1922 - In an ironic twist the politicians who ignored him for most of his life gave Henry Lawson a state funeral.

 1922 - Phillip Morrison, a Nyungar man, observed of the Moore River Native Settlement: They make the boys carry wood from away up in the cliffs, about two miles to; the settlement. That's pretty heavy humpin', what you spect a horse to do any where else in the country. And they must do it or go in the," boob ; and if they give any bother then, they go to Fremantle or Rottnest for just about nothing at all. Seen the ole people .there an' they have no fresh, clothing for months I see little boys and girls humpin' sugar bags full of gravel for long distances from the pits to the camp to make footpaths, instead of bein' at school. … We can't let our children [from the Katanning district] go there for schoolin'. Too far to go – anyhow only teach them to carry gravel and wood.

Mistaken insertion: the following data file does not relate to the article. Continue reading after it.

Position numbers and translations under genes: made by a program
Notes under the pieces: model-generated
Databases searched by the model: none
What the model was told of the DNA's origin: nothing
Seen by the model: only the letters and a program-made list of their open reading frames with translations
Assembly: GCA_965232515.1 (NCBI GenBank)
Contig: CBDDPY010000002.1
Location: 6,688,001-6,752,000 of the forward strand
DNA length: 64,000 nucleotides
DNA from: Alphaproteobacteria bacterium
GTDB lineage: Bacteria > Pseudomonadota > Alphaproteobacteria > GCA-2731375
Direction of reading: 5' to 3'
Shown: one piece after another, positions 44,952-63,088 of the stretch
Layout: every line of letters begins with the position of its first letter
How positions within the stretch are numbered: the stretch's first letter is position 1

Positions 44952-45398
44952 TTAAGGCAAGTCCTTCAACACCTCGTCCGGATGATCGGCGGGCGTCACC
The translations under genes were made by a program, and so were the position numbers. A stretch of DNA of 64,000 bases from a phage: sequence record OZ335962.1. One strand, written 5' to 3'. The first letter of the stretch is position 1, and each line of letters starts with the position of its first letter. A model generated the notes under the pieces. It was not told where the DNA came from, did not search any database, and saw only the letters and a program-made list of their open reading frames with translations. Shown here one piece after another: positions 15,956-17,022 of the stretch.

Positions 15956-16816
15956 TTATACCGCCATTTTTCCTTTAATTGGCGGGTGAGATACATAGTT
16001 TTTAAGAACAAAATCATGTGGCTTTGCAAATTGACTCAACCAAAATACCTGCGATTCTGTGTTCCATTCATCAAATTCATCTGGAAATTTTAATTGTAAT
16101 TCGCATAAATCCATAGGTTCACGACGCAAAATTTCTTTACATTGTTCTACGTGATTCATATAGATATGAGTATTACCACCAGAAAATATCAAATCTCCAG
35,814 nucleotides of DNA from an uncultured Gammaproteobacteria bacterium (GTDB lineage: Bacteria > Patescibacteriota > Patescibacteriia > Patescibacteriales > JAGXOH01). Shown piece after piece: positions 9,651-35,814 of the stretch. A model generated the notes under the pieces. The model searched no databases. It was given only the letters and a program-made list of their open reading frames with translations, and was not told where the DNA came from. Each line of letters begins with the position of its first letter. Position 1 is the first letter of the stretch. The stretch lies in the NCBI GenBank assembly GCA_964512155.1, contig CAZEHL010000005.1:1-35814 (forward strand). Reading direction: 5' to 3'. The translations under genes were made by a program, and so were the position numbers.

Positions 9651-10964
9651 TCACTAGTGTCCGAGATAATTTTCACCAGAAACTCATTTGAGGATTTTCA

1926 - A referendum (as opposed to a pissy plebiscite) was held today to determine ; " *Industry and Commerce To authorise the creation of authorities to control the terms and conditions of industrial employment, to give State authorities similar powers to Commonwealth authorities, and to regulate and control trusts and combinations" and "*Essential Services to allow the Commonwealth to take measures to protect the public against interruption of essential services" but don't fret, neither of these was carried.

 1928 - Proof that politics is dangerous...George Swinburne, businessman, politician and philanthropist, collapsed and died in the Legislative Council chamber at the Melbourne Parliament House, aged 67.

 1934 - Bradman scored 149* Australia vs. England XI, 104 minutes, 17 fours 4 sixes

 1942 - The fighting at Milne Bay resulted in the first defeat of a Japanese amphibious landing in the Second World War.

 1943 - Lae was the focus of a major land, sea, and air operation by Australian and American forces. Fighting lasted until 16 September, when the encircled Japanese garrison were either killed, captured, or escaped.